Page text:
If you’ve turned on the television or talked to another person or opened up literally any social media platform in the past week, you might have heard that Gillette had some new commercials? The commercials challenge toxic masculinity, launching a new slogan “the best a man can be.” The apparent challenge to patriarchy launched by Gillette has resulted in extreme backlash across many conservative sectors. While the backlash is grossly disturbing, I personally find myself wondering why a corporation like Gillette would do something like this, as nice as it is to see socially responsible narratives being promoted. While I was thinking about all this, I received a promotional email in
my inbox from Keds (pictured at the right) supporting Saturday’s Women’s March. A feel-good moment of connection, helpfully linked to sneakers (you know, for marching).
All of this has me thinking about the stories we tell, who tells them, and why they are told. As I reflect on this (and a subsequent example I will get to shortly), I want to make connections on politics, social justice, and nursing. Thinking about discourse, there are two imperatives for nursing. The first is that we must critically engage with the sociopolitical and cultural discourses of our time and commit to inserting nursing into this milieu. Nurses must keep their fingers on the pulse of politics and society. We are not victims of circumstance. We can help write our own narrative and fashion our own future. This leads more broadly to the imperative that nurses identify the discourses of nursing, understand how they are manifest, explicate their meaning, and interrogate these discourses for how they are being deployed. Nurses, in all roles, must grapple with the stories we tell and how we fit into the broader context.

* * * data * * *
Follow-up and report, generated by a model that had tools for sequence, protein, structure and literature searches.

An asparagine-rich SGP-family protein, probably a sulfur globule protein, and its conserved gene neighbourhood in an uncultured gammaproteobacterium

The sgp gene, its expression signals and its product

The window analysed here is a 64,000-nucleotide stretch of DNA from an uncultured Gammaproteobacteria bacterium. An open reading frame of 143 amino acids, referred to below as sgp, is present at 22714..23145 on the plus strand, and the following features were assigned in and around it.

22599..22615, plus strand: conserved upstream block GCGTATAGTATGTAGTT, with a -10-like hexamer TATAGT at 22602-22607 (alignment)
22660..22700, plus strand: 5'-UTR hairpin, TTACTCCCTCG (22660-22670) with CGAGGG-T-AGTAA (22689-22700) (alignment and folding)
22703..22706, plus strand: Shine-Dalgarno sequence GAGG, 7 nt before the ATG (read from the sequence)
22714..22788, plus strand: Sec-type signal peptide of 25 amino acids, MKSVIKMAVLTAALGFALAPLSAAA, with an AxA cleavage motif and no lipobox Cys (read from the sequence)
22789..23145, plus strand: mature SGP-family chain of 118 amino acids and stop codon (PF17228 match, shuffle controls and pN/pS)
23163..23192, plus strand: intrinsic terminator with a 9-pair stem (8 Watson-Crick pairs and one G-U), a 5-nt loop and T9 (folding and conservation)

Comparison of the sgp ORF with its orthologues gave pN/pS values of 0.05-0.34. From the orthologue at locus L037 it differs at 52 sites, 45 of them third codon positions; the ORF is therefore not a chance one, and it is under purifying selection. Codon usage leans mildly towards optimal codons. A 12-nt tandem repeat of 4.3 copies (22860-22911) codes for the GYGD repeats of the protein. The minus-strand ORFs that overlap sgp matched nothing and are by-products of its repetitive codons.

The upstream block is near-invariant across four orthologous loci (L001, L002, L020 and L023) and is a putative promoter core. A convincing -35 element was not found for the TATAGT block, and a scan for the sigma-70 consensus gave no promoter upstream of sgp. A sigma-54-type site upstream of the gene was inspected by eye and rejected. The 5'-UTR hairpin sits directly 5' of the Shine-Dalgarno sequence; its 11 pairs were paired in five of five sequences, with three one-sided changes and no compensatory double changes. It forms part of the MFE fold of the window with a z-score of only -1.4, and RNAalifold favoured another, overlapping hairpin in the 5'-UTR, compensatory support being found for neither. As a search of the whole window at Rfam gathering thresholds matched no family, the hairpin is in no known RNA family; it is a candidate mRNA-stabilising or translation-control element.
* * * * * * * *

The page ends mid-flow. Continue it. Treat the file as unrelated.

Friday, I was sitting next to a colleague at an annual celebration of Martin Luther King, Jr.’s legacy held jointly between three institutions of higher learning in my community, Augusta University, Paine College, and Augusta Technical College. A choir composed of members from each institution provided a lovely soundtrack and dignitaries from each organization said a few words as the program started. The opening sequence played out according to the program until the president of one of the institutions recognized Rick Allen, a U.S. representative from our fair burg, in the audience. In impromptu fashion, the politician was invited to the podium where he hailed the work that MLK, Jr. was able to accomplish in dismantling prejudice, inspired and guided by the hand of God.